Good, Natural Posture

Posted on 26 July, 2020 || Tags: | | | | | | | |
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The answer is different for everyone, and you’ll have to explore movement, develop new awareness, and change habits to reach yours. At first it may feel uncomfortable, but finding your natural posture should be just that— natural. If it isn’t, it won’t work for you.

Walking
Your body needs to move to keep your joints and tissues agile and lubricated. Walking with good posture helps preserve your range of motion so you won’t end up shuffling along, hunched over a walker. Looking up and walking with purpose also greatly enhances your alertness and confidence

Good Walking

Standing
Standing is an active job. It takes stamina and balance to maintain natural posture. It’s important to achieve that stamina and balance, because poor standing can cause all sorts of problems. It puts extra wear and tear on your joints and discs, especially your knees and spine, and prevents your muscles from firing the way they’re supposed to, making you weaker and more prone to injury.

Sitting
Many experts agree that the longer you sit, the more likely you are to develop diabetes, heart disease, and other ailments, and potentially die prematurely—even with regular exercise. This means you need to kick the habit of sitting and begin to move. And when you do sit, use these postural tips.

For posture correction we recommend using:

Working at a Desk
Working at a desk for long hours takes a toll on your body. Without proper posture and ergonomics, you’re likely to suffer from headaches, neck and back pain, tight hip flexors and hamstrings, and general stiffness. Make sure you’re working with good posture, and you’ll have a more productive day.

Driving
If you’re like most Americans, you spend a lot of time in your car. Unfortunately, it’s easy to have bad posture while driving. Using only one hand on the wheel creates unbalanced shoulders and ribs, slouching dumps pressure into your back and legs, and craning your head forward to see the road causes tension in your neck. On your next drive, take these pointers with you.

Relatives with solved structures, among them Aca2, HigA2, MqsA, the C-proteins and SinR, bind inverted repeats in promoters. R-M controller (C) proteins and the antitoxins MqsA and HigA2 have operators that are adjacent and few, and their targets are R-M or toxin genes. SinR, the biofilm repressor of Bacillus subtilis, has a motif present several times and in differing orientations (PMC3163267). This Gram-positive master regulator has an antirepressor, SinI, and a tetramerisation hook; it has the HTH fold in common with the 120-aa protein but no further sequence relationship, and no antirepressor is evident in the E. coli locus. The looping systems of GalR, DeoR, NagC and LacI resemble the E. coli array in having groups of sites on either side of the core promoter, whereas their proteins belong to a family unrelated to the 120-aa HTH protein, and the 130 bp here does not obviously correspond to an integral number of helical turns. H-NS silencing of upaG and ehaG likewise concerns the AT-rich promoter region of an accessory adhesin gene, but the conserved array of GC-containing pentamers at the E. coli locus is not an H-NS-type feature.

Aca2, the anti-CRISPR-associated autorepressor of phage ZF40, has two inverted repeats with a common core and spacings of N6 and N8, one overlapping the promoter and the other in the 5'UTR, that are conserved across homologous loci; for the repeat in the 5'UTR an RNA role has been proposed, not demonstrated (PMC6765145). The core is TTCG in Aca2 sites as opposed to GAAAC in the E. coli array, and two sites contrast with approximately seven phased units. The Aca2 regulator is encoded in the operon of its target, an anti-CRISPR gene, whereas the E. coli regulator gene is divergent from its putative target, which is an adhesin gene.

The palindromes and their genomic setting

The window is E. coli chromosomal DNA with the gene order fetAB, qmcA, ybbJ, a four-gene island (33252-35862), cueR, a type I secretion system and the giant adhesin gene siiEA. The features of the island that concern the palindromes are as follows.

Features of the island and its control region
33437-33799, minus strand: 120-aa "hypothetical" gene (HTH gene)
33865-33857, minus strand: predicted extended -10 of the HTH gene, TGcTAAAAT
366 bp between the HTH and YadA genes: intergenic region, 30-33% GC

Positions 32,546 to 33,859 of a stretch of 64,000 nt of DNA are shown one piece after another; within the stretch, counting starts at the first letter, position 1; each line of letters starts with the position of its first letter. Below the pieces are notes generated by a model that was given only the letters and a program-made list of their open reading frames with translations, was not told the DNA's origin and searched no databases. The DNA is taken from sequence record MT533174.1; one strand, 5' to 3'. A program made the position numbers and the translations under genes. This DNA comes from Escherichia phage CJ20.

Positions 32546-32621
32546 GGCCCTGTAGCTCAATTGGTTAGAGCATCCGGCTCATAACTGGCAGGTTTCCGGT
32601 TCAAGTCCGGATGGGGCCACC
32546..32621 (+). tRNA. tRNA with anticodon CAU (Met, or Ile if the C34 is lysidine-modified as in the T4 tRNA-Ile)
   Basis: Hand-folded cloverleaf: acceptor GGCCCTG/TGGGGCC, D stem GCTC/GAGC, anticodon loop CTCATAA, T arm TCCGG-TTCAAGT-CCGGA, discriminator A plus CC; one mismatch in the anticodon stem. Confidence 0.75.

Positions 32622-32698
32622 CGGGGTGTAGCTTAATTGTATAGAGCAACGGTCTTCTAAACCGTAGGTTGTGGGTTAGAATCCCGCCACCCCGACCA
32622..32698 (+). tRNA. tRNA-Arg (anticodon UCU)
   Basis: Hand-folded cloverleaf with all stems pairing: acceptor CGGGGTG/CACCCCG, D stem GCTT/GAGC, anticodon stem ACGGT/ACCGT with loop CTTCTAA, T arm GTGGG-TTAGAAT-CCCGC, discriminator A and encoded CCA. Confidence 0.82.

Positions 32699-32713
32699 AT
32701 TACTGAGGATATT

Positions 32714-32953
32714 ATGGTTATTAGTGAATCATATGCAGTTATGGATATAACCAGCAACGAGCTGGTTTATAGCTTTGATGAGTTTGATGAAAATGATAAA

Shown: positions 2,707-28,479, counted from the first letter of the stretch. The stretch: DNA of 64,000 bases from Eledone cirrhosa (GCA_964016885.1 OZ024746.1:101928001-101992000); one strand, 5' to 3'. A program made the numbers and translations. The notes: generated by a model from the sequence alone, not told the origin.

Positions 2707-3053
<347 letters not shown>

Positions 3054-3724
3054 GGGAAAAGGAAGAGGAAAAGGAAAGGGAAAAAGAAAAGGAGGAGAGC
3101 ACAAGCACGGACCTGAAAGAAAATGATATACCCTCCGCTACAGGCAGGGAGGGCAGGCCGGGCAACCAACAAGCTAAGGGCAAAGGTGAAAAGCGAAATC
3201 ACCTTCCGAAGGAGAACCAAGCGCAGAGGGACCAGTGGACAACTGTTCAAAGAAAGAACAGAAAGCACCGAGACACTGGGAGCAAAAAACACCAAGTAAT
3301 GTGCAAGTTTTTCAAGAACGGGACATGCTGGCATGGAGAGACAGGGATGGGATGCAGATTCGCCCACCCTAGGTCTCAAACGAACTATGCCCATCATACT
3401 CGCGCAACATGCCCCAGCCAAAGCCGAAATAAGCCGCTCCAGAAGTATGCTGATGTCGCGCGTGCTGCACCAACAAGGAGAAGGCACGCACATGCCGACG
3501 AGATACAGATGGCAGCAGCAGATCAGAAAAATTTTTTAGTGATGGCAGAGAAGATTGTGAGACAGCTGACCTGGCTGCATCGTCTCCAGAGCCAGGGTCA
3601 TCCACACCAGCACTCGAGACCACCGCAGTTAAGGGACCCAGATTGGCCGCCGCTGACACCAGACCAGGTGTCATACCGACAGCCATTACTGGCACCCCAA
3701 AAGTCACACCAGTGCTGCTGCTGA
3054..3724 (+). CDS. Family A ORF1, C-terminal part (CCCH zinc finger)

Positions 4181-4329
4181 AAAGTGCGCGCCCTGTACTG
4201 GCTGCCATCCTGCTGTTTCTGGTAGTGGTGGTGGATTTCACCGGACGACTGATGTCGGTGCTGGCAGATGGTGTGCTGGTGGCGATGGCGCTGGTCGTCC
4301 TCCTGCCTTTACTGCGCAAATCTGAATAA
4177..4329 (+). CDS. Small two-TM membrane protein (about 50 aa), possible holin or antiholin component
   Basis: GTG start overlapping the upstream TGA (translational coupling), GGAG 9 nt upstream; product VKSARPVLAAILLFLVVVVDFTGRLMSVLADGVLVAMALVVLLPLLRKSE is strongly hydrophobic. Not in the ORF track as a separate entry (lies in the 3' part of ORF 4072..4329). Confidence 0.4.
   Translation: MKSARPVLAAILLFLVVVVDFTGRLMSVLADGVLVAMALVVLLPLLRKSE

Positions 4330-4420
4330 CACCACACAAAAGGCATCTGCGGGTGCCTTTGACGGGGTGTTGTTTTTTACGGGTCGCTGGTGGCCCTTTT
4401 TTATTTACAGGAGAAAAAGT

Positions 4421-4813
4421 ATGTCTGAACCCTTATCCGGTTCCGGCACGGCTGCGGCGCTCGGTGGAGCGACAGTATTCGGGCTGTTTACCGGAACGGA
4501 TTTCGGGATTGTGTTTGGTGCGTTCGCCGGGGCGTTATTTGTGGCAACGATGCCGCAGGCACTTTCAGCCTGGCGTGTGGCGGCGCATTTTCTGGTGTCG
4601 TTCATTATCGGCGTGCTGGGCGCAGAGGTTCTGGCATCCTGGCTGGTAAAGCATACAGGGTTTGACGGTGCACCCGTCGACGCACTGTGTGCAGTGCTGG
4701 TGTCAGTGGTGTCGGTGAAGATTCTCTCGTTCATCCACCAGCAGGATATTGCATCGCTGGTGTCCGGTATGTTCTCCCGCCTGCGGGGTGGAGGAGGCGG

Recommend that you read the book:

Sleeping
You sleep without much conscious control of your body, which means you can end up twisting your spine, tucking your pelvis, and otherwise throwing off your posture without even realizing it. Sleeping on your stomach is especially bad for you because it pulls your neck out of alignment. Train your body to sleep in a healthier position with these
techniques.

Reading
Curling up with a book is good for your mind, but it can be hard on your body. Whether you’re reading a paperback or on a tablet device, it can be difficult to concentrate on the words in front of you if you’re in discomfort or pain. These guidelines will make reading easier on your neck, shoulders,
and back.

Carrying
Do you end your day with sore shoulders because of all the stuff you’re always lugging around? Heavy bags and purses can strain your neck and shoulders and pull your spine out of alignment. Set your bags down whenever you can, and give your shoulders a break by using a roller bag or backpack. When that’s not possible, keep these tips in mind.

Pregnancy
Between the extra weight and the pressure on your abdominal cavity, pregnancy is a big challenge to postural alignment. It’s easy to unconsciously compensate by hyperextending your knees and lower back. On top of that, your diaphragm has less room to expand, which inhibits breathing and relaxation. Keep the following tips in mind for be


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